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Traditional measures of leadership explicitly ask test-takers whether they engage in successful leadership behaviors (e.g., Bass & Avolio, 1995). While these tests do show some relationships with leader effectiveness (Dumdum, Lowe, & Avolio, 2013), these tests are not ideal because test-takers could stretch the truth to make themselves appear to be more qualified leaders than they actually are. Because of this problem, we developed a test called Transactional/Transformational Implicit Leadership Test, (TILT). TILT is designed to assess leadership style without appearing to be a measurement of leadership. The TILT was posed to subjects as a reasoning test rather than a test of leadership style. For the present study, new measurement of leadership, a traditional leadership test, and multiple cognitive and personality tests to 120 subjects. The subjects of this study consisted of intro course college students in a two-hour, one-time session. We designed the study to examine two questions 1.) how well our new test of leadership measures leadership compared to a traditional test and 2.) which type of individual difference predicts leadership style more accurately, cognitive abilities (e.g., fluid intelligence and working memory capacity) or personality traits (e.g., extroversion and conscientiousness). Measuring effective leadership is important when determining who should be in charge. It is also important to not only build upon the current measures of effective leadership, but to also determine what characteristics predict generally what makes effective leaders. The results of the present study are important for determining how leaders are chosen in an industrial and organizational context.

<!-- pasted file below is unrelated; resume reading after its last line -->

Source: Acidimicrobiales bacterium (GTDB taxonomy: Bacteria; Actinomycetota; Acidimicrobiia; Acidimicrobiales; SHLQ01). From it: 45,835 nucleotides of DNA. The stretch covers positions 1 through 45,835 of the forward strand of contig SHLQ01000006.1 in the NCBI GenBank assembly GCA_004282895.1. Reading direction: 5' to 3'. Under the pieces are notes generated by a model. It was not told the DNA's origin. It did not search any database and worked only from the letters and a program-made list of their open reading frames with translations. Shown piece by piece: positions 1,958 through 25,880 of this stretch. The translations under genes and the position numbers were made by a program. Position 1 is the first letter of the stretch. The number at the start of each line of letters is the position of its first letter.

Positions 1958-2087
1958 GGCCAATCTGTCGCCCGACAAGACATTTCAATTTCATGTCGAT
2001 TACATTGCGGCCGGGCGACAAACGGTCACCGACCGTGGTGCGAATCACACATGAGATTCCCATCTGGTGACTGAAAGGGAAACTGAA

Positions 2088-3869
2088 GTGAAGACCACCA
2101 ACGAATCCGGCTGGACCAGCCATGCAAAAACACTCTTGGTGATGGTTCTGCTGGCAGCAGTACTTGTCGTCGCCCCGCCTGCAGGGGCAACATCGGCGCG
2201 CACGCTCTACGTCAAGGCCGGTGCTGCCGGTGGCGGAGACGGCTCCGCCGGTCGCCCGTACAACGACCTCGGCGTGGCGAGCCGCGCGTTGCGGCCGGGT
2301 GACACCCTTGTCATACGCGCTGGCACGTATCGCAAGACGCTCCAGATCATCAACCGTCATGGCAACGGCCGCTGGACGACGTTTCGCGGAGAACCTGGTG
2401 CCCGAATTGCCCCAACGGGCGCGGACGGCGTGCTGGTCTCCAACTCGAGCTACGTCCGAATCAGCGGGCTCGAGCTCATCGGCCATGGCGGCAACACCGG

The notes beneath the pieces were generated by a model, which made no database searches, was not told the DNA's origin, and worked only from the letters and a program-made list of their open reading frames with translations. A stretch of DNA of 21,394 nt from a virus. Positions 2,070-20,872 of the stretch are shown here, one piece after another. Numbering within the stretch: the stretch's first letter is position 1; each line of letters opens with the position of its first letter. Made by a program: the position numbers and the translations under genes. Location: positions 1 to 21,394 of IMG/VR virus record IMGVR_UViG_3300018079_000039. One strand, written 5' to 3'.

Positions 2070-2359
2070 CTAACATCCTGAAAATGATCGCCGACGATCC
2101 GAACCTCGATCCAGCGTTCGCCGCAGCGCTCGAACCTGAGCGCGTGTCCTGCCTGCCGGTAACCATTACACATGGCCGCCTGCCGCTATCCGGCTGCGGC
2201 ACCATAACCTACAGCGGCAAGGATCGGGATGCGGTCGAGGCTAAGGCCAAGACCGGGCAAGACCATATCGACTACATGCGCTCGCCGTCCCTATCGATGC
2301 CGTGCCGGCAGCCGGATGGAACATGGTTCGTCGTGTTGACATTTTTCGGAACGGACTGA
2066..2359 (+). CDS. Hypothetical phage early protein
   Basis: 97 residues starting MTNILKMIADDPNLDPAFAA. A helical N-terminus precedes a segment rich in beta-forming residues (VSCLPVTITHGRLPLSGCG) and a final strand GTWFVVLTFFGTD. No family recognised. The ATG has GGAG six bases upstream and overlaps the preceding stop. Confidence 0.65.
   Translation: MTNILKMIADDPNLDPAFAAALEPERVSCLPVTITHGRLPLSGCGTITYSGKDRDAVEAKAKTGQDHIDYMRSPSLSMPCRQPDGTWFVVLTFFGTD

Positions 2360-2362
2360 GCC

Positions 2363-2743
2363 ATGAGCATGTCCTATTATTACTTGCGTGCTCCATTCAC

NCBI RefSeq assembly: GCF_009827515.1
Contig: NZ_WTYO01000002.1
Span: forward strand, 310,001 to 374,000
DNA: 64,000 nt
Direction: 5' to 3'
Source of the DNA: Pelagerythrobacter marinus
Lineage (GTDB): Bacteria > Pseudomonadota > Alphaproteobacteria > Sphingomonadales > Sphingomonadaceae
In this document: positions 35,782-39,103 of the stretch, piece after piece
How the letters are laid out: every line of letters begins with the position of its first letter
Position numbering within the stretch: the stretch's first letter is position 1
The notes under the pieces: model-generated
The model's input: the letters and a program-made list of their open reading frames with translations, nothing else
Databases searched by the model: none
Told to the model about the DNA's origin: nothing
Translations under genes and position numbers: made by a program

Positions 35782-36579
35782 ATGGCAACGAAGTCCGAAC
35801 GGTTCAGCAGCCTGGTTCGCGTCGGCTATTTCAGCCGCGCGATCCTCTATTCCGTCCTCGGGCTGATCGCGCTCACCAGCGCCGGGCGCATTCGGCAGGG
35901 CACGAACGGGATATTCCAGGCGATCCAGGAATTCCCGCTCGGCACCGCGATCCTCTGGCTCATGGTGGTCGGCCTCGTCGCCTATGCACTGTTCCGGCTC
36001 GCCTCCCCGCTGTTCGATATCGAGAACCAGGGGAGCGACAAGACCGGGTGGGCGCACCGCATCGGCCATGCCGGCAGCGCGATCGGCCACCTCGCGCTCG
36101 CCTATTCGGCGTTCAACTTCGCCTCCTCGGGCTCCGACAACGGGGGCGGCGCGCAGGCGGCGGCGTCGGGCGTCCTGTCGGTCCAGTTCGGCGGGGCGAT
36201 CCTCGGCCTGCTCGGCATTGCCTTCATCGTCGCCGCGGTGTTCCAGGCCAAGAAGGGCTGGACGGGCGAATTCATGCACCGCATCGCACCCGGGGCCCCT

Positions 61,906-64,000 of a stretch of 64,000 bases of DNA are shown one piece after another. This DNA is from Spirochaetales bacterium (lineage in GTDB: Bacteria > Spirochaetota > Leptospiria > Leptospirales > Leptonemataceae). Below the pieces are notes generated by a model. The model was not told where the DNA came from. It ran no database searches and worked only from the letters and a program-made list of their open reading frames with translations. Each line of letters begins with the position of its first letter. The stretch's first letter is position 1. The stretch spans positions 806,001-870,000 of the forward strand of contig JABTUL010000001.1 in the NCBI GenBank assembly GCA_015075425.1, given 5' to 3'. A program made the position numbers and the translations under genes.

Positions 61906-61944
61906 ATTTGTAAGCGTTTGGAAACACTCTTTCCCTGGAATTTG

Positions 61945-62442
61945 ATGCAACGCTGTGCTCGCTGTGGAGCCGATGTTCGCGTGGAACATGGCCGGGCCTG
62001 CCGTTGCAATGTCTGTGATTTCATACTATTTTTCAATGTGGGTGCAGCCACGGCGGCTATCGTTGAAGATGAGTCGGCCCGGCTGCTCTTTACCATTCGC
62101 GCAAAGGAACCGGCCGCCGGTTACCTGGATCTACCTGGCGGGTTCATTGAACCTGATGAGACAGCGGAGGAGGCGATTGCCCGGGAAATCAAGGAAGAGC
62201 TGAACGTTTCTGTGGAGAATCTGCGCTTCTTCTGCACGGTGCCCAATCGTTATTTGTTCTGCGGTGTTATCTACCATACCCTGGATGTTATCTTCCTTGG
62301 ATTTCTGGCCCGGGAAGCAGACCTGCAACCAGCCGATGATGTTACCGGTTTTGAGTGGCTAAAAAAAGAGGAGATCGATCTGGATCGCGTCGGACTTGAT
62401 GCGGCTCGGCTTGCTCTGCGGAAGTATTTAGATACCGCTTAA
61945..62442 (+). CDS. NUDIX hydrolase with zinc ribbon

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  • Subject
    • Psychological Science

  • Institution
    • Dahlonega

  • Event location
    • MPR 3

  • Event date
    • 22 March 2019

  • Date submitted

    19 July 2022

  • Additional information
    • Acknowledgements:

      Tyler Harrison